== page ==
South Must Build New Economy Through Education, Report Says
The Southern economy was once dominated by timber, textiles, and tobacco. That way of life may not have gone the way of "Gone with the Wind" just yet. But those industries clearly aren't what they used to be, a fact that has led many economists and elected officials to conclude that the region's prosperity will depend on it building a newly qualified workforce through education.
Now a new report examines the region's struggles to prepare its students for skilled jobs, and looks at where, specifically, students in different Southern states fall out of the high school-to-college pipeline.
That report, "The State of the South 2010," also seeks to identify educational priorities for the region, if it is going to compete for jobs domestically, and internationally.
The authors find that the percentage of young adults obtaining at least a two-year degree in many Southern states lags behind not only U.S. averages, but also behind those of many foreign nations. Of 13 Southern states identified, only one—Virginia—topped the U.S. average of 42 percent of U.S. young adults obtaining at least an associate's degree. Eight Southern states—Kentucky, Tennessee, Alabama, Texas, Louisiana, Mississippi, West Virginia, and Arkansas—lagged below the average of non U.S.-nations grouped within the Organization for Economic Cooperation and Development, better known as the OECD.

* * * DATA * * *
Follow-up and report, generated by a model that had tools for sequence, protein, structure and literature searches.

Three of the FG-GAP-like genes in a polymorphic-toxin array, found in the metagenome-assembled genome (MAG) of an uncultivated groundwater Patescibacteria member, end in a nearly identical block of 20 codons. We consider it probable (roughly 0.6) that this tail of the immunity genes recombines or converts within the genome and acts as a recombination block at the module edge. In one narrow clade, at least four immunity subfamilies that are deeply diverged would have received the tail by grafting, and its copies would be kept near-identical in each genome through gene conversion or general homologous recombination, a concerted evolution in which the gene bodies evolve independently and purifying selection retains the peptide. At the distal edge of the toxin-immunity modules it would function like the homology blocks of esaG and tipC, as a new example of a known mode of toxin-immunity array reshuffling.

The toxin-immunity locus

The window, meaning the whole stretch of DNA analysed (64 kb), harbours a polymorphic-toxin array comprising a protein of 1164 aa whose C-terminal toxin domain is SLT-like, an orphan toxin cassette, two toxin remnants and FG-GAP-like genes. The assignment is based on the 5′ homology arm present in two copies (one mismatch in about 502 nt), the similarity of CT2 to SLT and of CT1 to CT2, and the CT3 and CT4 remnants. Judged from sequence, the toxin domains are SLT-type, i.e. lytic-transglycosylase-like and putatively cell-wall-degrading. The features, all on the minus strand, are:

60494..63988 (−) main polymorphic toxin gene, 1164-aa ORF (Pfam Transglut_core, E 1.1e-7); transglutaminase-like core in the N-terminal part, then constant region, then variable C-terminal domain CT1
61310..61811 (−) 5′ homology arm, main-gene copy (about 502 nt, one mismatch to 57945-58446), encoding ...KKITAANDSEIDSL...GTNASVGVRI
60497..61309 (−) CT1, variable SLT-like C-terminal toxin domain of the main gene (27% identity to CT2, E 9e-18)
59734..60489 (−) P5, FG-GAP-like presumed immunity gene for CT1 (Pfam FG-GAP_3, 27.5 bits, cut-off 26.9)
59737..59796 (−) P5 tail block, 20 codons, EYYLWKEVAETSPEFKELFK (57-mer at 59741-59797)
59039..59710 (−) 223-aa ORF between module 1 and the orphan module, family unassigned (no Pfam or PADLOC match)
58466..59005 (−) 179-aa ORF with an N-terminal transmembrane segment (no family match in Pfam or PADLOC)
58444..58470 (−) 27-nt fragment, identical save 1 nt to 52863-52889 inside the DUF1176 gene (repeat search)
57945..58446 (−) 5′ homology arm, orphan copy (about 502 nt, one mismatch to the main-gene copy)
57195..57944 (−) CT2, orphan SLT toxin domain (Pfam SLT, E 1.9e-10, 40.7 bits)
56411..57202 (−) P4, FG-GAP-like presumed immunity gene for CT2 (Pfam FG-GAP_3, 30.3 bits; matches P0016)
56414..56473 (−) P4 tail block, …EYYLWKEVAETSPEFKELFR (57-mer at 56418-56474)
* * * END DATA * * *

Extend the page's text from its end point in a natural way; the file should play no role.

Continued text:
The report is the second in a series, and was authored by MDC, a nonprofit organization based in Chapel Hill, N.C. that focuses on educational and economic issues.
One of its more intriguing conclusions is that the secondary-to-postsecondary pipeline springs leaks at very different points, depending on the Southern state where students live.
For instance, in Florida, 46 percent of students did not graduate from high school on time, the report states. In Arkansas and West Virginia, those numbers were 21 percent and 27 percent, respectively, yet in both of those states, the percentage of students who graduated from secondary school on time but did not enroll in college was higher than it was in Florida. Other, counterintuitive results can be seen across the region.
When it comes to getting students through the educational pipeline, the authors observe, "the extent and the 'location' of the leaks vary from state to state."